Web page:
Sunday, September 7, 2008

On AITC (Arab Israeli Technology Center)

Today I am blogging about an "off topic" issue -- an initiative that occupy part of my time -- AITC (Arab Israeli Technology Center). Some background - as you probably know, Israel is high-tech country, out of the 3.3 Million people in the Israeli work-force, 200,000 work in the ICT area (AKA "high tech"), something around 6%. This is an impressive number, considering the fact that the salaries and thus standards of living in the high-tech industry is relatively high, and that the supply of high-tech professional does not meet the demand. However, the Israeli high-tech does not have even participation of all populations. There are two populations that are extremely under-represented, one is the ultra-orthodox Jewish population, which parts of it chose to live in isolation, and not seek employment outside their community - they are outside the scope of this discussion now, the other under-represented population is the Arab population, which is around 20% of the population of Israel (I am talking about the Arab citizens of Israel, not the residents of the Palestinian territories). Some survey that has been done revealed that the participation of the Arab population in the Israeli High-Tech is around 0.2% - two orders of magnitude difference. Why did it happen? Twenty years ago much of the high-tech was associated with the defense industry. While there still is a defense industry, most of the high-tech is civilian, furthermore - many multinational companies: Intel, IBM, Oracle, HP, SAP, BMC, CA, Motorola, Microsoft, Google - to name a few - have substantial activity in Israel, many of them have also acquired Israeli start-ups and continue operate them as part of the bigger company. However, the image of high-tech being closely associated with the defense industries, who don't occupy Arabs, is still pervasive in the Arab society. One of the Arab Israeli notable families decided to break this reality, and to launch a project that will first convert people from the target population who already have academic degrees in various engineering, science or mathematics disciplines, in the sequel establish a private academic institute, and then also incubation for start-ups. This family has recruited a known (and controversial) person in Israel, who is known in his ability to push things, as the President of this center, and he recruited me to be the Academic Director of this center (based on some bullets in my CV, I guess)... I have decided to take the offer (in my spare time... at least for now), in order to make contribution to the society. The first mission has been to recruit the support of the Israeli high-tech industry, and this has been relatively easy. We have now full support, including participation in advisory committee, ability to do projects, and willingness to recruit graduates of this program (well - if we prove that we meet the high standards of the industry). I also compiled a curriculum draft, which have gone major revision after consulting with the different companies (we cannot make everybody happy, but it seems that everybody is happy about something, and at the end - this make them happy). Besides the high-tech industry, various politicans are also showing involvement (I am not crazy about politicians in general)... and the Israeli president, Shimon Peres, is giving his sponsorship (which will earn the entire team a dinner with him in 2 months or so)...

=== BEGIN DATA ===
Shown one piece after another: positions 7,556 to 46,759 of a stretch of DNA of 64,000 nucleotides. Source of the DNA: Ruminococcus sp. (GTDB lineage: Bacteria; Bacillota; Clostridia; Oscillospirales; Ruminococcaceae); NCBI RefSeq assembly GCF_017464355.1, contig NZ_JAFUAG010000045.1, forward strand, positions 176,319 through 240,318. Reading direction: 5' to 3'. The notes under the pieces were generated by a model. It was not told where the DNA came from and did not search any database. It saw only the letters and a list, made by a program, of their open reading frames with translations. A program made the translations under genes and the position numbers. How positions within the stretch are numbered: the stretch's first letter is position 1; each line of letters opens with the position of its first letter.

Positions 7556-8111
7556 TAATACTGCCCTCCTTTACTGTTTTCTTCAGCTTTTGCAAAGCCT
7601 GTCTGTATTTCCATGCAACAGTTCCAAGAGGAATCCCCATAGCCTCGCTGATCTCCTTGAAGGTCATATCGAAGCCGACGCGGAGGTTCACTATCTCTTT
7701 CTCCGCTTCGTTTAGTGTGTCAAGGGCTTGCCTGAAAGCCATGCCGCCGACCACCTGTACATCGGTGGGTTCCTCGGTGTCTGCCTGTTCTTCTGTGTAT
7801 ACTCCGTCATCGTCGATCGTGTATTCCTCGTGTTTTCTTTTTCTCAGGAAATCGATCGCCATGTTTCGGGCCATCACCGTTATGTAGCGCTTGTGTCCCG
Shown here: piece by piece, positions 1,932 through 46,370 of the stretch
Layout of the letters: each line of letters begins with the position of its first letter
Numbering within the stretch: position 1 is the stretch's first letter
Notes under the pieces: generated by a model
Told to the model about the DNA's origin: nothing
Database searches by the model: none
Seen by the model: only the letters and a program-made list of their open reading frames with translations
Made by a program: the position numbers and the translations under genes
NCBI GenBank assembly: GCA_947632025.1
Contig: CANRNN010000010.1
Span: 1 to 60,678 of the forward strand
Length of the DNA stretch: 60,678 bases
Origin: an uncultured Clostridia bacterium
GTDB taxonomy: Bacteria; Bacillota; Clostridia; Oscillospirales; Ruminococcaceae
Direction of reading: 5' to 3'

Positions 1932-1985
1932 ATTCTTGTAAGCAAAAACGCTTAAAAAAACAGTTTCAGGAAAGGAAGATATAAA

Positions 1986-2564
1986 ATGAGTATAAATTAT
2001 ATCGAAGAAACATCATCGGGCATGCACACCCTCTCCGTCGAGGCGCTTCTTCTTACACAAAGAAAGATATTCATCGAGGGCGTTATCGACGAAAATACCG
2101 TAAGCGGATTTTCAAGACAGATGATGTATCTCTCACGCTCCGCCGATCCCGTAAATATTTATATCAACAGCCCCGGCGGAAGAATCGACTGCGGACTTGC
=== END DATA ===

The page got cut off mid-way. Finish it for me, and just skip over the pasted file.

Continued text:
Now there are preparations for the launch, and the actual studies are planned to start in February 2009. I am in a phase of recruiting teachers - blend of people from academia and industry...
BTW - the picture above is of Nazareth, the biggest Arab town, where the center will be located.
How does it relate to event processing? Well- this launch is a big event, but like David Luckham's example of the stock market crash, it does not happen over a day, and consists of many smaller events. So - I'll blog in th future, about some of these smaller events that will happen. More -later; back to EP Blogging.

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